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This is the vegetarian linguine you’ve been looking for, with broccoli, cherry tomatoes and plenty of Parmesan. Lemon and garlic round out the flavors.

Recipe: Broccoli Pesto Linguini


Serving size: 360g
Servings per recipe: 4


  • ⅓ Cup walnuts, raw
  • ¼ Cup halved walnuts, toasted
  • ½ Pound broccoli
  • 1 Garlic clove, peeled
  • Juice of half a lemon
  • Pinch of kosher salt
  • ¼ Cup extra virgin olive oil
  • ¼ Cup grated Parmesan cheese
  • 1 Pound linguine
  • Roasted Garlic Cherry Tomatoes
  • 2 10-ounce containers cherry tomatoes, halved
  • 5-6 Garlic cloves, minced
  • 1-2 Tbsp. olive oil
  • 1/4 Tsp. kosher salt

Directions

Pasta
Bring a large pot of generously salted water to a boil. Add broccoli to boiling water and boil for two to three minutes. Pour into to an ice bath and drain again; this will slightly cook the vegetable while keeping its color (this process is called “shocking”). Add clove of garlic to food processor and mince. Add the ⅓ cup raw walnuts and pulse until fine, scraping the walnuts from the edges of the bowl.  Add the broccoli, lemon juice, and salt, processing until fine. While processing, slowly add the olive oil. Scrape down the bowl and add Parmesan cheese and process until combined. Cook linguini according to package instructions. Combine pesto and linguini in a large bowl and serve. Garnish with additional toasted walnuts, and roasted tomatoes.

Roasted Garlic Cherry Tomatoes
In a medium bowl, toss halved tomatoes with olive oil, garlic, salt and pepper. Transfer to a baking sheet and spread out on to an even layer. Bake for 20 to 25 minutes at 375 degrees until soft and fragrant.

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Broccoli Pesto Linguini Nutrition Facts

Serving size: 360g

Calories 760
Total Fat 34g
Saturated Fat 5g
Trans Fat 0g
Cholesterol 5mg
Sodium 360mg
Total Carbohydrate 98g
Dietary Fiber 8g
Total Sugars 8g
Includes 0g Added Sugars
Protein 22g
Vitamin D 0mcg
Calcium 139mg
Iron 5mg
Potassium 803mg
Picture of Broccoli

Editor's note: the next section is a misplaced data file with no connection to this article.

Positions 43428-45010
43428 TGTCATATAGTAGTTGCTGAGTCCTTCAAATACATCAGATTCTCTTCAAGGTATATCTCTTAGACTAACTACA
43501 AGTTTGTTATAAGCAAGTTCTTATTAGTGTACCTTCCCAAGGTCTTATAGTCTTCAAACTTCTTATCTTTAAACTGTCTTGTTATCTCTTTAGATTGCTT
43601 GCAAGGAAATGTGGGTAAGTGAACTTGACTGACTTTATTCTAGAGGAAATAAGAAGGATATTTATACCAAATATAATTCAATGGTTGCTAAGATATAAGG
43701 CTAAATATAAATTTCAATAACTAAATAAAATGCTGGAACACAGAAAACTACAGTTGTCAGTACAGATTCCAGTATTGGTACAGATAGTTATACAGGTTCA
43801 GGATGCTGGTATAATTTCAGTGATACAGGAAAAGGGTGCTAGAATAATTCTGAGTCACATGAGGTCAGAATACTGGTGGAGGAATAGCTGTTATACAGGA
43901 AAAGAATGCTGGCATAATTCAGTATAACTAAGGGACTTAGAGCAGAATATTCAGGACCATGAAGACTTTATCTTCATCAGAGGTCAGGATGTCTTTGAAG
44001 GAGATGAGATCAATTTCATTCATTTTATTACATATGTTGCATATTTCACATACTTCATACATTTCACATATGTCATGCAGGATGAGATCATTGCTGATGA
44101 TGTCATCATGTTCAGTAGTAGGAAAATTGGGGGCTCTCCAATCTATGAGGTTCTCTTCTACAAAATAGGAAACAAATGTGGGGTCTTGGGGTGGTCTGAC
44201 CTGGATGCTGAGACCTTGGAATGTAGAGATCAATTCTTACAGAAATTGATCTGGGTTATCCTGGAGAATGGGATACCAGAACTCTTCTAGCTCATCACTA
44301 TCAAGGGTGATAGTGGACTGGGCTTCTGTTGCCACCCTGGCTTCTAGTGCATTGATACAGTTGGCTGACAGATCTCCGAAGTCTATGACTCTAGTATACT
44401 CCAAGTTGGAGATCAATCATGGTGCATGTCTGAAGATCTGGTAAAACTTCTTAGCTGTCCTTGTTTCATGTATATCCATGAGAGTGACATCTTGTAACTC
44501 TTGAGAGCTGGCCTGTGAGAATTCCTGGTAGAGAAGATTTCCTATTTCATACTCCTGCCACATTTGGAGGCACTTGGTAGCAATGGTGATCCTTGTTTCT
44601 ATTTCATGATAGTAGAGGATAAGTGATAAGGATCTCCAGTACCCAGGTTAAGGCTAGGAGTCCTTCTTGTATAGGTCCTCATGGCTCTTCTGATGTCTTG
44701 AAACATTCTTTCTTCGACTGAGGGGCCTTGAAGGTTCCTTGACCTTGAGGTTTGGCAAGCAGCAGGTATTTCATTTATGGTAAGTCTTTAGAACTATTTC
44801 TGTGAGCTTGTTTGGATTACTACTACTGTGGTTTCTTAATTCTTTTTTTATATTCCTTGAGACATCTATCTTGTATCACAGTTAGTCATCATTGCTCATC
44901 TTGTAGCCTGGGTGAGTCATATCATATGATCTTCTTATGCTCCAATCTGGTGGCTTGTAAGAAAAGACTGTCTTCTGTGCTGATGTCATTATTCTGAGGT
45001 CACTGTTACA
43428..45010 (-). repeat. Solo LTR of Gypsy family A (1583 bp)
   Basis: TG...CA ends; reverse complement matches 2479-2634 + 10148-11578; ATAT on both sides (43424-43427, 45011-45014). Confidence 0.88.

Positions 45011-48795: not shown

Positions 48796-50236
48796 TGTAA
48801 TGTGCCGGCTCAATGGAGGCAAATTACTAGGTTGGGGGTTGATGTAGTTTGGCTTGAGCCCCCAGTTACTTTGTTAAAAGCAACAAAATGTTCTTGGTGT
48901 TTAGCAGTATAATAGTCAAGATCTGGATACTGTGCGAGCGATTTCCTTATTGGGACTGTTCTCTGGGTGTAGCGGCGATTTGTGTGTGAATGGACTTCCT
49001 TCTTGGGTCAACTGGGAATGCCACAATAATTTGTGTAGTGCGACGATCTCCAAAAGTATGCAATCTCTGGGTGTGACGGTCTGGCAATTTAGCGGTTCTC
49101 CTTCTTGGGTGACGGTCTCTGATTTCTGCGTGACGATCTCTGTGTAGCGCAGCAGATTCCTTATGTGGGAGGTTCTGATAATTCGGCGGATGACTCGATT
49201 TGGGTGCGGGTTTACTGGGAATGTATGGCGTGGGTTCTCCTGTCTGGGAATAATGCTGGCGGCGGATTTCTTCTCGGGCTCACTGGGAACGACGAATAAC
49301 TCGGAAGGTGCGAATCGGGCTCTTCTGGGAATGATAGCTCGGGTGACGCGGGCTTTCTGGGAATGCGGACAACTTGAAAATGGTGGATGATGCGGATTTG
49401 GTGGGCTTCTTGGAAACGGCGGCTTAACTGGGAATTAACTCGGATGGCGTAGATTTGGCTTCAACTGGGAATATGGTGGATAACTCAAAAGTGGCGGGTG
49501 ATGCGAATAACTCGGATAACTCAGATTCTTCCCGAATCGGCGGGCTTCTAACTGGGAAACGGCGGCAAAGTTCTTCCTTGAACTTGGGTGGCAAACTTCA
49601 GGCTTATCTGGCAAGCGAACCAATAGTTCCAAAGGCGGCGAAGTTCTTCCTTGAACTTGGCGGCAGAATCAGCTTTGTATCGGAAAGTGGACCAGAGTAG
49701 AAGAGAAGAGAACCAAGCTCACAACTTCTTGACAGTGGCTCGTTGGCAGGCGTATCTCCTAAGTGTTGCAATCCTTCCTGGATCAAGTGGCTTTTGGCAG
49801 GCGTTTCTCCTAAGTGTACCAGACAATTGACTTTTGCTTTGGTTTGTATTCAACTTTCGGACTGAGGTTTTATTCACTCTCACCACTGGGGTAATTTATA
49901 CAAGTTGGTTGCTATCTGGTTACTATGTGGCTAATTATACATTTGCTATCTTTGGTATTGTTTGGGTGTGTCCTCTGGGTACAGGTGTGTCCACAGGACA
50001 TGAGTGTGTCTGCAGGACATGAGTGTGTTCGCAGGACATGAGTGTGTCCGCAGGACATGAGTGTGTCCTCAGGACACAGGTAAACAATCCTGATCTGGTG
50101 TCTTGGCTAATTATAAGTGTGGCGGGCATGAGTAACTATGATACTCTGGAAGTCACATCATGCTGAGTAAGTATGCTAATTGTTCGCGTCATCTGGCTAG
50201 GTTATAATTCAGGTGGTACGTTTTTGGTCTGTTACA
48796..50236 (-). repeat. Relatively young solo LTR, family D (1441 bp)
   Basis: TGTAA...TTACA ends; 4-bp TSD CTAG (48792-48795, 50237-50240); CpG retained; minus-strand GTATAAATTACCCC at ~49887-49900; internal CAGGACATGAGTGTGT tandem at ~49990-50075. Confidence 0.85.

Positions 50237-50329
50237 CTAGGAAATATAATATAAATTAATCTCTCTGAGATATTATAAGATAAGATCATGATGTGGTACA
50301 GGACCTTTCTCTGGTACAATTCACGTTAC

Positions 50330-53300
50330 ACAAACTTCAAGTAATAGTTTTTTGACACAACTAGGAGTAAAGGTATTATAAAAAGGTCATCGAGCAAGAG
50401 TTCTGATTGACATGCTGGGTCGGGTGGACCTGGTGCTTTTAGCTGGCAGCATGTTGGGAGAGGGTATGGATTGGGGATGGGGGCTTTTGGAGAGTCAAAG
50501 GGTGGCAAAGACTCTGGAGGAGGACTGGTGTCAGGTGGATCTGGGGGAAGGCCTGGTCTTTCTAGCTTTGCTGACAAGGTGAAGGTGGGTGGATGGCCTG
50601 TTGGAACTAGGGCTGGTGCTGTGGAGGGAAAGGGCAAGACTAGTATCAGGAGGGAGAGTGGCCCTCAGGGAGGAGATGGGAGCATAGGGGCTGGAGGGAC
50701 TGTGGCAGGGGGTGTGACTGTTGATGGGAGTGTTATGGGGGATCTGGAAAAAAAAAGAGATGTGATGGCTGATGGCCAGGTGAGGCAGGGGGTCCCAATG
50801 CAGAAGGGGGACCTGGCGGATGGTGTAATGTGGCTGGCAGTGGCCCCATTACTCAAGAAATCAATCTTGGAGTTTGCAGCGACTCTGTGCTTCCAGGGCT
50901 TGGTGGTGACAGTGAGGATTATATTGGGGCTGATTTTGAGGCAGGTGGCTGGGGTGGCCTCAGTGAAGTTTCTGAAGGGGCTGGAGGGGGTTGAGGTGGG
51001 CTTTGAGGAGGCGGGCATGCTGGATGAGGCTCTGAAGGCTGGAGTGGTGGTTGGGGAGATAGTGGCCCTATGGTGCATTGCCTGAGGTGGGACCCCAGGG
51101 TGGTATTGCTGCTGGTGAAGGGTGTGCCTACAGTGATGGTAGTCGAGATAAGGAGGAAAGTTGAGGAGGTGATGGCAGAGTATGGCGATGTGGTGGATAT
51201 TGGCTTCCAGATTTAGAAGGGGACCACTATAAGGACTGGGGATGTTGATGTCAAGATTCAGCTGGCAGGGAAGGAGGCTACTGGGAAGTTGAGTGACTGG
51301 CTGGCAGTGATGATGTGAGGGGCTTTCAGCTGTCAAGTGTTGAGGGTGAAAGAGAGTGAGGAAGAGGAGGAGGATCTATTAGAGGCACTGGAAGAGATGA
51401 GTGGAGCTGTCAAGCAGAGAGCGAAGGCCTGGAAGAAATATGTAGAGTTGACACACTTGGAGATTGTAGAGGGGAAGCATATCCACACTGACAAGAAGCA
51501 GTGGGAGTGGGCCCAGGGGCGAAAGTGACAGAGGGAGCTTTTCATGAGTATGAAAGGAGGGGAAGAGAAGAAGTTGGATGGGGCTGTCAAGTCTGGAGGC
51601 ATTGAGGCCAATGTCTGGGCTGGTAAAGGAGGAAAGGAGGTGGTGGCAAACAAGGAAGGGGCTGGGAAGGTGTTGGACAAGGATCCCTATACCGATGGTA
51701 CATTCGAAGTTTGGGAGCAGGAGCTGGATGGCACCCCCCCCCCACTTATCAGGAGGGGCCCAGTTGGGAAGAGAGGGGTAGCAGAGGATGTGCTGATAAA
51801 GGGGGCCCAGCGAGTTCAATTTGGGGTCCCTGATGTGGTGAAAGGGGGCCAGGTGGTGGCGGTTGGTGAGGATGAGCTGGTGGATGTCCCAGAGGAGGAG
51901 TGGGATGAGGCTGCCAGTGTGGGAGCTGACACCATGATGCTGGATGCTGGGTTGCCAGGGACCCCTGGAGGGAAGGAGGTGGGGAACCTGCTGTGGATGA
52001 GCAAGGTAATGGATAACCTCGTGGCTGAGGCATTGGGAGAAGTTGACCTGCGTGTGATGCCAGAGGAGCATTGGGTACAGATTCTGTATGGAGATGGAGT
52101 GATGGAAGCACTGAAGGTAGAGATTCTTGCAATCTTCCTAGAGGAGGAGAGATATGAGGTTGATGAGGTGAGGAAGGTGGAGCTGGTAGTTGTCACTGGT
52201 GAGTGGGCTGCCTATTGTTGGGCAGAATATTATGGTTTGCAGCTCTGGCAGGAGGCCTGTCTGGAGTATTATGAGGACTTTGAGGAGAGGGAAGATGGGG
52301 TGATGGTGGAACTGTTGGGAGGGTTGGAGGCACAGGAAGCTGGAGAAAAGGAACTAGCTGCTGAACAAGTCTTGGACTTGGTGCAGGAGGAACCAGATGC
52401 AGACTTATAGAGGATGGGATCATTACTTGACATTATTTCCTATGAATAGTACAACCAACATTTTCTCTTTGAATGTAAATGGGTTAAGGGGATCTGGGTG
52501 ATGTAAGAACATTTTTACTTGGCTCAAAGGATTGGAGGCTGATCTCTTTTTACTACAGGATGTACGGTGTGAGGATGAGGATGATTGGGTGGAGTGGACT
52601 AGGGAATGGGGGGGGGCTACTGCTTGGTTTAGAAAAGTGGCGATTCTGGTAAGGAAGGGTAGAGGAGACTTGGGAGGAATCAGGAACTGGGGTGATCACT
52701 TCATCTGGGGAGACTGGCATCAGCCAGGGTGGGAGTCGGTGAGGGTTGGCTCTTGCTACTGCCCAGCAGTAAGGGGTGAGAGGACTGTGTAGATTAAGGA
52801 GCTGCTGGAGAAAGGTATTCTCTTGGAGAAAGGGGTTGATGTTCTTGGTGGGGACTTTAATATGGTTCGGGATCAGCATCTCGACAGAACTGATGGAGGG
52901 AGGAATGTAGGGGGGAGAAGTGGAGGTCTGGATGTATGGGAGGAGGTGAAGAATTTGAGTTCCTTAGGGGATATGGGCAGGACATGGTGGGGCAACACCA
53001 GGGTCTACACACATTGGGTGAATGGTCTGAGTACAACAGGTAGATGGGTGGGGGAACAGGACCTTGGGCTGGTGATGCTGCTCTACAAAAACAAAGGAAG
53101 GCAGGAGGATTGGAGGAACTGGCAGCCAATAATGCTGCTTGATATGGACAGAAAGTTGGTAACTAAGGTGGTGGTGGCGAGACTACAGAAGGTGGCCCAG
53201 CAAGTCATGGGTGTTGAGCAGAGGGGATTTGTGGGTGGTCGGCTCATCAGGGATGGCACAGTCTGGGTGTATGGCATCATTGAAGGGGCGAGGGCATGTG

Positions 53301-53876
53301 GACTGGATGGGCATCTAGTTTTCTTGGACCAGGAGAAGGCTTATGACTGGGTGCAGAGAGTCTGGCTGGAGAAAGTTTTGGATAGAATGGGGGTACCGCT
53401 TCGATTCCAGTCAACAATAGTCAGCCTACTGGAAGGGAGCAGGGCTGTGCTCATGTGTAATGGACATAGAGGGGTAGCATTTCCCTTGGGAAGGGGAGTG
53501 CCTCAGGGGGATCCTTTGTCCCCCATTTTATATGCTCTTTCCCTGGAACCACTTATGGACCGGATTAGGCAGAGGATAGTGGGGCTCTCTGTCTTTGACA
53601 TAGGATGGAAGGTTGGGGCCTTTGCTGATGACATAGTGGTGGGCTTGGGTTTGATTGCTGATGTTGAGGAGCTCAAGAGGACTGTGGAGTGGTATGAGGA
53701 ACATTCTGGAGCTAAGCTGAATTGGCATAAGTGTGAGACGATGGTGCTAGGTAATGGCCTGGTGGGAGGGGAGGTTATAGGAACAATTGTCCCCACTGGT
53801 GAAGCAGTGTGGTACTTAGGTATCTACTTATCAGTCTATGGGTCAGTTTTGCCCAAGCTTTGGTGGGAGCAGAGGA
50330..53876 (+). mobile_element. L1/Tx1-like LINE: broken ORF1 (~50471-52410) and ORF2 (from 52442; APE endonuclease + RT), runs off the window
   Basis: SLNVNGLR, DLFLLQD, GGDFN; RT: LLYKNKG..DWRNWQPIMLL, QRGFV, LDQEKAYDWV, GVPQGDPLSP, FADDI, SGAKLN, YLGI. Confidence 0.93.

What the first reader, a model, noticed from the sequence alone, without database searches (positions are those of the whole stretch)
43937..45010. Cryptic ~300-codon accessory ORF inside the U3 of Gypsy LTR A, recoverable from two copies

Star Ingredient: Broccoli

Broccoli Contain:

Vitamin C*

Did you know the human body does not have the ability to produce vitamin C on its own? That’s why it’s so important to make sure we are eating a wide variety of foods with Vitamin C.  This vital vitamin is not only useful to help our bodies fight off the common cold, but it’s necessary for the absorption of iron and very important for our connective tissues. Connective tissues are what keep our skin firm and our muscles strong. Because vitamin C supports our connective tissues, it is also useful in speeding up the healing process. If you have a wound, you might want to consider increasing the intake of foods higher in vitamin C.

Trivia:  Cats and dogs can make vitamin C therefore they don’t need fruits and vegetables.

Vitamin K*

Vitamin K has long been known for its role in blood clotting.  It also participates in the synthesis of several bone proteins.   Bacteria in the intestinal track synthesize vitamin K that the body can absorb but people cannot depend on this source alone for vitamin K.  Many foods contain ample amounts of vitamin K, notably green leafy vegetables and members of the cabbage family. If you are taking blood-thinning medication, be sure to talk with your Registered Dietitian or Physician about how much vitamin K is safe for you to consume.  

Iron*

Iron is a trace mineral most commonly known for maintaining hemoglobin levels. One of the most essential functions of iron is its production of red blood cells which provide oxygen to our tissues. Considering blood oxygenates the brain and iron is carried through the body by blood, iron is directly related to healthy brain function. A well-oxygenated body can lead to a feeling of well-being. Interestingly, vitamin C and iron consumed at the same time may increase the absorption of iron.

Trivia: Only carbohydrate, protein and fat supply energy to the body.

*These statements have not been evaluated by the Food and Drug Administration. This is not intended to diagnose, treat, cure, or prevent any disease.